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Old 07-06-2005, 07:28 PM
bigdmizer bigdmizer is offline
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Are Hydrogen Powered cars the future?

As I sit here reading an article on Hydrogen powered cars and the hopes of the "greenies" being pinned on them as a pollution free transportation source, I can't help but think of the negatives of this alternative.

Pollution free? yes perhaps as you burn the hydrogen in the car it is pollution free, but the process of producing all of this hydrogen via electrolysis releases 24 percent more green house gases then producing and burning gasoline in a car. Unless of course you use natural gas to provide the energy to make the hydrogen, but then you become dependant upon the middle east again due to the fact that the majority of it sits under their soil. Plus your still polluting with the natural gas process.

Safety issues are quite disturbing. In order for the Hydrogen fuel tanks to be suitable for the afore mentioned application the tanks have to be under pressure to the tune of approx. 5000psi. anyone ever see what happens if you rupture a tank under 5000psi of pressure? Forget about a slow burn like the Hindenburg, your going KaBoom in the event of a serious accident. How exactly are you supposed to trust the general public (who are on average not to bright) to pump hydrogen at 5000psi into their cars safely? I can see alot of catastrophe's coming down the pike in that scenario. I mean it seems people have enough trouble pumping plain old gas without blowing themselves up.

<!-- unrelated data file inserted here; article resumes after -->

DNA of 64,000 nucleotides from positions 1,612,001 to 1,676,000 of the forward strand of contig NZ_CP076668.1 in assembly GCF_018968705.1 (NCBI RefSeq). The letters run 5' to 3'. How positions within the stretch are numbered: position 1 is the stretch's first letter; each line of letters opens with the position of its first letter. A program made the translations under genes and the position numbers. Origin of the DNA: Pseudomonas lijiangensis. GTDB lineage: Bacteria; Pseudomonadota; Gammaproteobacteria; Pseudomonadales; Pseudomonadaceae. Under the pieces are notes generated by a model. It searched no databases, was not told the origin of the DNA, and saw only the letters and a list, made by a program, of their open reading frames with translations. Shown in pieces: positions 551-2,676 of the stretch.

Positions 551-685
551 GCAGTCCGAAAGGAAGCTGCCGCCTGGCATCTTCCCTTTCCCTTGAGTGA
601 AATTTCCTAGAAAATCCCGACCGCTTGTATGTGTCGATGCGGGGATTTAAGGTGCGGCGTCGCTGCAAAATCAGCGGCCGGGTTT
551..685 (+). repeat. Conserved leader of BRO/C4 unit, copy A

Not to mention it costs about 100 times more to build as a regular gasoline powered car. Not to mention the pathetic power delivery. Hows a 100hp and 200ft-lbs torque for a 4500 lbs car the size of a Yugo? Plus as I understand it temperature extremes wreak havoc on the cars fuel system.
All in all I would say we are a long way off before it becomes a viable alternative.
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Old 07-06-2005, 07:46 PM
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I think things will eventually revolve around solar-electric collection and distribution.

The timeline is anyones guess...

(Barring unexpected events that accellerate the theory of entropy and/or thermal dynamics)


*Pokes at your thoughts, hoping to stir an answer...*
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Old 07-06-2005, 07:51 PM
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Solar would work great, if we had a better way to store the energy, as it is batteries to run an electric car weigh so much, that when you add more, it takes most of the batteries own energy to move itself...
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Old 07-06-2005, 07:57 PM
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There was a high MPG car designed as a class study by MIT -

It stored energy in a hydraulic system, and ran on a 25 HP diesel engine. At traffic stops, it built up pressure in a storage system.

Electricity is by no means the only way to hoard energy potentials...
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Old 07-06-2005, 08:09 PM
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Internal combustion with hydrogen is NOT necessecarily cleaner than burning gasoline. You bring up a good point about production. The current best source of hydrogen is hydro-carbons (crude oil). So we will substitute a product that requires more refining and is more expensive to make but still continue to use the same raw ingredient? Throws the argument for reducing dependance on foreign oil out the window. But back to pollution. If you burn hydrogen you get water right? Yes, in a PURE OXYGEN environment that's true. But we are going to burn hydrogen in an environment that is not pure oxygen. A large component of air is Nitrogen. When you burn nitrogen you get oxides of nitrogen (NOx) ie a major component of smog. There goes the pollution argument.